Developers deploy new-age tech to widen customer base, reduce marketing spend, fast-track sales turnaround in a subdued market
At the Puravankara Ltd booth at a property exhibition in Bengaluru last month, two humanoid robots recorded visitor data and their queries, partially replacing usual sales staff at the reception.
For the real estate firm, which fielded these robots developed by technology firm Invento Markerspaces Pvt. Ltd, the experience was positive. “Instead of 10 young boys/girls manning the reception, this time we just had three,” said Anand Narayanan, chief operating officer, Puravankara.
For the Bengaluru-based real estate firm, those humanoids are part of a larger plan to completely ‘dehumanise” its sales process, build a strong data of potential homebuyers and sell homes completely online by 2020, Narayanan said. “What typically took 100 hours to get customer data for a sales guy, it has now dropped to about 7-8 hours,” he added.
Puravankara is one of the few developers which are adopting newage technologies like artificial intelligence (AI), machine learning and big data to chase potential homebuyers. In a subdued property market, these technologies are being used to cut marketing spending, fast track sales and widen customer base.
DeveloperslikeHiranandaniCommunities, K Raheja Corp, Oberoi Realty Ltd and Runwal group have also partnered with technology firms and digital marketing agencies to map potential customers online through advanced data analytics and streamline their sale process.
According to Vikram Kotnis, managing director, Amura Technologies Ltd, a digital marketing agency, real estate firms are now allocating 60-70% of their total marketing budget on digital campaigns as against 10-15% three-four years ago. The eight-year-old Pune-based firm currently works with around 130 property developers, up from 90 a year ago.
“Today, we are doing a lot of push marketing. We are depending heavily on Google and Facebook to target customers. Buyers are targeted based on geography, budget and even based on your buying patterns on e-commerce sites or where all you invest,” Kotnis said.
Mumbai-based Hiranandani Communities is planning to introduce chatbots to engage with customers on their projects and company websites.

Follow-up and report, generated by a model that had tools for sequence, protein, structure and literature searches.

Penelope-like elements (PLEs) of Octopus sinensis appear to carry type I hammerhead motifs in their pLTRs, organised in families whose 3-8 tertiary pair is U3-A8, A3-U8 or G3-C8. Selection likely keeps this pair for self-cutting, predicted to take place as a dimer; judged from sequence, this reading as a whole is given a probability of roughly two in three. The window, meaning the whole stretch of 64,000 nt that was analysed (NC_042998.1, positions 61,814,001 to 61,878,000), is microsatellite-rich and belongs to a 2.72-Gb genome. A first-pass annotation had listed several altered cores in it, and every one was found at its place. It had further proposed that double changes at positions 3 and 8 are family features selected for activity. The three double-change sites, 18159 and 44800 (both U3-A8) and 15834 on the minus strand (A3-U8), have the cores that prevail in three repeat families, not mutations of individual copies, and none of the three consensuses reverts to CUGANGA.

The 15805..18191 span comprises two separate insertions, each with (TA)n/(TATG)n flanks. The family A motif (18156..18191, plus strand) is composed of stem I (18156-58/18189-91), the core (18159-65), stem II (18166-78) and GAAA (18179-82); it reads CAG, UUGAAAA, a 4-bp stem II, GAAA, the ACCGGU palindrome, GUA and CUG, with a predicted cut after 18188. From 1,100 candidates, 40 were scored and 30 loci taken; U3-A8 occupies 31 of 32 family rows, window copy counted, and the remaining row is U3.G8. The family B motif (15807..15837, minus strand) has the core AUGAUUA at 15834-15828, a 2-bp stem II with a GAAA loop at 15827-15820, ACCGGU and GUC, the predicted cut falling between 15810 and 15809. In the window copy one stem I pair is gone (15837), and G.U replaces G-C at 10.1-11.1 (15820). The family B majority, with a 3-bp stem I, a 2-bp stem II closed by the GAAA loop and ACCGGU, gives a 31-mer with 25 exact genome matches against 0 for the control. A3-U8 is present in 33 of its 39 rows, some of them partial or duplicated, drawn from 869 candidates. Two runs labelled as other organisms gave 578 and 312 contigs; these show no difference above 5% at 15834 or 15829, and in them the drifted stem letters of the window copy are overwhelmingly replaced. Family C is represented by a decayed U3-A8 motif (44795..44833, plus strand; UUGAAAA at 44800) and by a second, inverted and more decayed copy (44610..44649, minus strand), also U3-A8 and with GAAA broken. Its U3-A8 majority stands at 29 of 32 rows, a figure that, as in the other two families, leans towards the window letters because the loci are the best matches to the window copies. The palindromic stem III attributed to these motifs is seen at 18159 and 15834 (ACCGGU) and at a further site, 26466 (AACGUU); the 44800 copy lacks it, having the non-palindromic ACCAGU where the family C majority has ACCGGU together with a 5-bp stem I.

“We are currently building a library of thousands of questions that a prospective consumer can ask,” said a company official who did not want to be identified. In addition, it is working with several digital agencies engaged in data mining and capturing consumer patterns on the internet.
Gurugram-based technology start up Zvesta said it is building technology platforms for over 3,000 residential projects across the country. The company, which specializes in predictive analytics and building AI platforms for real estate firms, is helping developers with technology support and consumer insights to find the right audiences online.
“We are categorising one unit (house) into a minimum of 2,000 data points based on physical specifications, location or amenities etc. This way, we are able to push certain projects to sell to certain kinds of audiences based on their preferences,” Anushree Srivastava, chief executive officer and co-founder Zvesta said.
According to Jayanth Kolla, founder and partner of research and consulting firm Convergence Catalyst, developers are moving away from depending solely on print ads and expensive outdoor activities.
As real estate firms tighten expenditure, most are looking for alternatives like machine learning and advanced analytics through third party technology providers to improve efficiency and chase the right customers.
“We are no longer at the mercy of sales guys to decide which customer to call today. He or she would choose based on the lead scores of each customer. Higher the score, better are chances of closing the deal, thereby increasing the organisation’s probability of sales closure,” said Puravankara’s Narayanan.